The embassy cited Petronijevic, Simpraga, and Perisic by name and added: "Persons involved in the implementation of these fraudulent elections, including the leadership of the Russian Federation, representatives of the occupying administrations and electoral structures, as well as their propagandists, will be brought to justice."

It added that "Ukraine will also initiate the introduction of new international sanctions against those involved."

The European Union has imposed 11 rounds of sanctions on Russia since its initial invasion of Crimea in 2014, targeting its businesses and economy, its military, and citizens' ability to travel, along with many other measures aimed at individuals it accuses of contributing to that aggression or the full-scale invasion that followed eight years later.

Serbia's government has refused to join such measures, and continues to cooperate with Russia diplomatically and in the areas of trade, energy, defense, and travel. It has appeared reluctant to jail Serbian nationals for traveling to Ukraine to fight alongside Russia-backed separatists or Russian forces despite criminal legislation strictly forbidding citizens from joining foreign wars, handing out suspended sentences in dozens of cases. In some of those cases, the individuals have reportedly returned to the fighting.

Serbian nationals have participated before in observer missions organized by Russia to endorse balloting in Ukraine during the current war.

Misa Vacic, leader of the radical Serbian Right party, was in the occupied Ukrainian city of Volgograd in September 2022 for a referendum on joining Russia that Moscow used to justify its annexations. Vacic's party said at the time that he'd been invited by the Putin administration and that he'd toured polling stations in refugee camps in the area. Perisic was also among the Moscow-friendly observers of those votes, too.

The Ukrainian Embassy in Belgrade issued a statement on September 13 describing the voting as "fake elections" that are "null and unrecognized by the international community."
The Ukrainian Embassy in Belgrade issued a statement on September 13 describing the voting as "fake elections" that are "null and unrecognized by the international community."

That trip earned both men criticism from Kyiv, which called such observers "puppets of the Kremlin," and a place on the FakeObservers website run by the European Platform for Democratic Elections (EPDE). The EPDE is an alliance of independent citizen-election-observation groups from across Europe.

Perisic was an adviser to nationalist Bosnian Serb leader Dodik when the latter was the Serb representative on Bosnia-Herzegovina's three-member presidency, until Perisic was dismissed without explanation in 2019.

But Petronijevic is arguably the most widely known of the three Serbians in Ukraine this month. In 2000, he sentenced nearly 150 ethnic Albanians from Kosovo for alleged terrorism as a judge during the Milosevic regime. After Milosevic was toppled later that year by a popular movement amid international pressure, Petronijevic became an attorney and subsequently represented alleged war criminals including Republika Srpska President Karadzic in The Hague.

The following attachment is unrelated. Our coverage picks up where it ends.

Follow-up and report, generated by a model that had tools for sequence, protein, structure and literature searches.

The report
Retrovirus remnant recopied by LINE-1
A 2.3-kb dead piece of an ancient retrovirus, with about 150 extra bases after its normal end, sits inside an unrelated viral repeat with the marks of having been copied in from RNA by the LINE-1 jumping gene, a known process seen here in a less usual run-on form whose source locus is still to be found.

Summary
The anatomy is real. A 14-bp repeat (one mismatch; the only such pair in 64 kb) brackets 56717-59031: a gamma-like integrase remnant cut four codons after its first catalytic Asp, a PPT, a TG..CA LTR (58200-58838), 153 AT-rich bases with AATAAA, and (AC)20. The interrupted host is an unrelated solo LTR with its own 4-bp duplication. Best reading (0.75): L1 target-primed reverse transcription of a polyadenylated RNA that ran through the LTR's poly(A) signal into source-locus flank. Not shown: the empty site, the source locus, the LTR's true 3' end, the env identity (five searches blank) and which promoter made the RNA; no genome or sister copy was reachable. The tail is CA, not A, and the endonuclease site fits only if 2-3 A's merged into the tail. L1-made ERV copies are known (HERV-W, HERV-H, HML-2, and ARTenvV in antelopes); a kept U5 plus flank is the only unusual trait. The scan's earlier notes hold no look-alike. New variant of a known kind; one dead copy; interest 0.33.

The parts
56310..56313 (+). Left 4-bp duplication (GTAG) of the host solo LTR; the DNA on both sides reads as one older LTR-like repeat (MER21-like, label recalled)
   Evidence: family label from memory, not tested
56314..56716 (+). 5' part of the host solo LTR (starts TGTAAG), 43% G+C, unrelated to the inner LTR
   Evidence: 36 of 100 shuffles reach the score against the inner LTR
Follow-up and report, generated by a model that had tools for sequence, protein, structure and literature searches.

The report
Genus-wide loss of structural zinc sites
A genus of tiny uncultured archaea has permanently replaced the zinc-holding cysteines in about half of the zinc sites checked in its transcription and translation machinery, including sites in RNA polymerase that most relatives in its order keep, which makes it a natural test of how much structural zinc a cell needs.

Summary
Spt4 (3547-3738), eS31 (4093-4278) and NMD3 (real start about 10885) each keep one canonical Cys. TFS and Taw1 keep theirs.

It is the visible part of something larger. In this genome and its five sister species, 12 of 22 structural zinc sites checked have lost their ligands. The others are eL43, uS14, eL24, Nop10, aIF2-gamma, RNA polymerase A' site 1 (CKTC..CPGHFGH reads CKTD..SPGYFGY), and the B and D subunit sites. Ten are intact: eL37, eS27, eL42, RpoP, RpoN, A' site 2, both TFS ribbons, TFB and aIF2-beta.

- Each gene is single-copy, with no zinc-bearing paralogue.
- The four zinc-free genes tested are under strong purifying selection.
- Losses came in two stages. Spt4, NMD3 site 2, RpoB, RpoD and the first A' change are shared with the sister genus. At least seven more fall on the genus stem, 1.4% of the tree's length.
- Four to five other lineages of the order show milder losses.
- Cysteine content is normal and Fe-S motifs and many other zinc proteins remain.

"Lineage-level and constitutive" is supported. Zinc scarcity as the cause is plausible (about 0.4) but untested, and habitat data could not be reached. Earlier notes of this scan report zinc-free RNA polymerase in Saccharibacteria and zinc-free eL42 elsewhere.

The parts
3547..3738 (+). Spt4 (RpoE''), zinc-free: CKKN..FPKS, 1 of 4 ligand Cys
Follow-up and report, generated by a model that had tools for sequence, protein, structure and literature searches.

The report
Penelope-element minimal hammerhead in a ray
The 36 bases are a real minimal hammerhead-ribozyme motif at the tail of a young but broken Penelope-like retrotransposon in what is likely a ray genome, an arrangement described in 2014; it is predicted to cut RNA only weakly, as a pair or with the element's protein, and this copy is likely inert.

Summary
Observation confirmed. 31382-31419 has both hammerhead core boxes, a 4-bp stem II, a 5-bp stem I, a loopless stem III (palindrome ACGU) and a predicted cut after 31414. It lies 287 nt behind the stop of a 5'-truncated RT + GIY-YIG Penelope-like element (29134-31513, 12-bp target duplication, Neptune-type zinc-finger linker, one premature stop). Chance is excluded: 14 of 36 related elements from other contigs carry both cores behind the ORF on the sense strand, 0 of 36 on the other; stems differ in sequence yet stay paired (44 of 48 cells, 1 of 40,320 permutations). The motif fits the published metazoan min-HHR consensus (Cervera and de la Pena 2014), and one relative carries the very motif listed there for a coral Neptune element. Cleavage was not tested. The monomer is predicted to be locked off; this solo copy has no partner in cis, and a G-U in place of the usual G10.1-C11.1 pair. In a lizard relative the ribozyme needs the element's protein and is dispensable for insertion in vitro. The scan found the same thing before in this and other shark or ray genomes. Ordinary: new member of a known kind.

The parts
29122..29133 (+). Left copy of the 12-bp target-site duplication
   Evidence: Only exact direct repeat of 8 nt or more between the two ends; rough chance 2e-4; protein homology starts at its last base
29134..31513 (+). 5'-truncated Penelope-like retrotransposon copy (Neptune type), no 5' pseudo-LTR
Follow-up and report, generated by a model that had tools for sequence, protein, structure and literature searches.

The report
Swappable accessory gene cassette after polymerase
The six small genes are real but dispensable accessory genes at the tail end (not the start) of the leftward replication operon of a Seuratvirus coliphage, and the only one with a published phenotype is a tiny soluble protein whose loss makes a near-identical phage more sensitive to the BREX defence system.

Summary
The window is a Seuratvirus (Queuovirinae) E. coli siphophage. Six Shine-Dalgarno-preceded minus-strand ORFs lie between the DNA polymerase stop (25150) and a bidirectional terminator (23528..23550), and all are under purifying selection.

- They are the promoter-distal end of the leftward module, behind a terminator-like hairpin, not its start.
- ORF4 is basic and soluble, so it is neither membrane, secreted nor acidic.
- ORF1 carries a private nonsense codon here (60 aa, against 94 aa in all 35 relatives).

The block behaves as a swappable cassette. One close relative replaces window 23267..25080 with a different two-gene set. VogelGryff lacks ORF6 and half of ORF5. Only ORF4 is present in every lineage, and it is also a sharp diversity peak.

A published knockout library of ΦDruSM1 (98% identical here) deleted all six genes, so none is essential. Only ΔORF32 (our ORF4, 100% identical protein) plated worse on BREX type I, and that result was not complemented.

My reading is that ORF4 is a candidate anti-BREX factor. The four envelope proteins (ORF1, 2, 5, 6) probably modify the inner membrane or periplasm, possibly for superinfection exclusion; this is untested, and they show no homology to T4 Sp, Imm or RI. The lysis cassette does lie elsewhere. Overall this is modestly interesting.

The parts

Last month, Petronijevic announced his plans to defend Dodik from Bosnian state charges stemming from the Bosnian Serb leader's moves to negate or ignore decisions by the country's Constitutional Court and its UN-backed overseer, High Representative Christian Schmidt.

Petronijevic is listed in the Serbian business registry as the owner of Medija Centar Nogina I Kurinoja-Ruski Ekspres in Belgrade, a news agency created in 2014. Simpraga is also listed as Medija Centar's director.

Medija Centar's posts are frequently shared by the Russian House in the Serbian capital, a representative office of the Russian Federal Agency for the Commonwealth of Independent States Affairs, Compatriots Living Abroad, and International Humanitarian Cooperation, known as Rossotrudnichestvo. Rossotrudnichestvo is an independent agency under the auspices of the Russian Foreign Ministry active in diaspora relations and humanitarian efforts abroad. It has regularly organized and supported events that justify the war in Ukraine.

Russian House Director Yevgeny Baranov, who enjoys diplomatic immunity, has appeared in photos alongside Simpraga on social networks.

Baranov is also a former chairman of the Russian Humanitarian Mission (RHM), an NGO that Petronijevic helped found and that shares a Belgrade address with the Medija Centar news agency.

The RHM's projects include financing the construction of a road in southern Serbia that has been named in honor Putin since 2016.

Written by Andy Heil based on reporting in Belgrade by RFE/RL's Balkan Service correspondents Dusan Komarcevic and Milos Katic.
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    Dusan Komarcevic

    Dusan Komarcevic is a correspondent for RFE/RL's Balkan Service.

  • 16x9 Image

    Milos Katic

    Milos Katic is a correspondent for RFE/RL's Balkan Service.

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    Andy Heil

    Andy Heil is a Prague-based senior correspondent covering central and southeastern Europe and the North Caucasus, and occasionally science and the environment. Before joining RFE/RL in 2001, he was a longtime reporter and editor of business, economic, and political news in Central Europe, including for the Prague Business Journal, Reuters, Oxford Analytica, and Acquisitions Monthly, and a freelance contributor to the Christian Science Monitor, Respekt, and Tyden.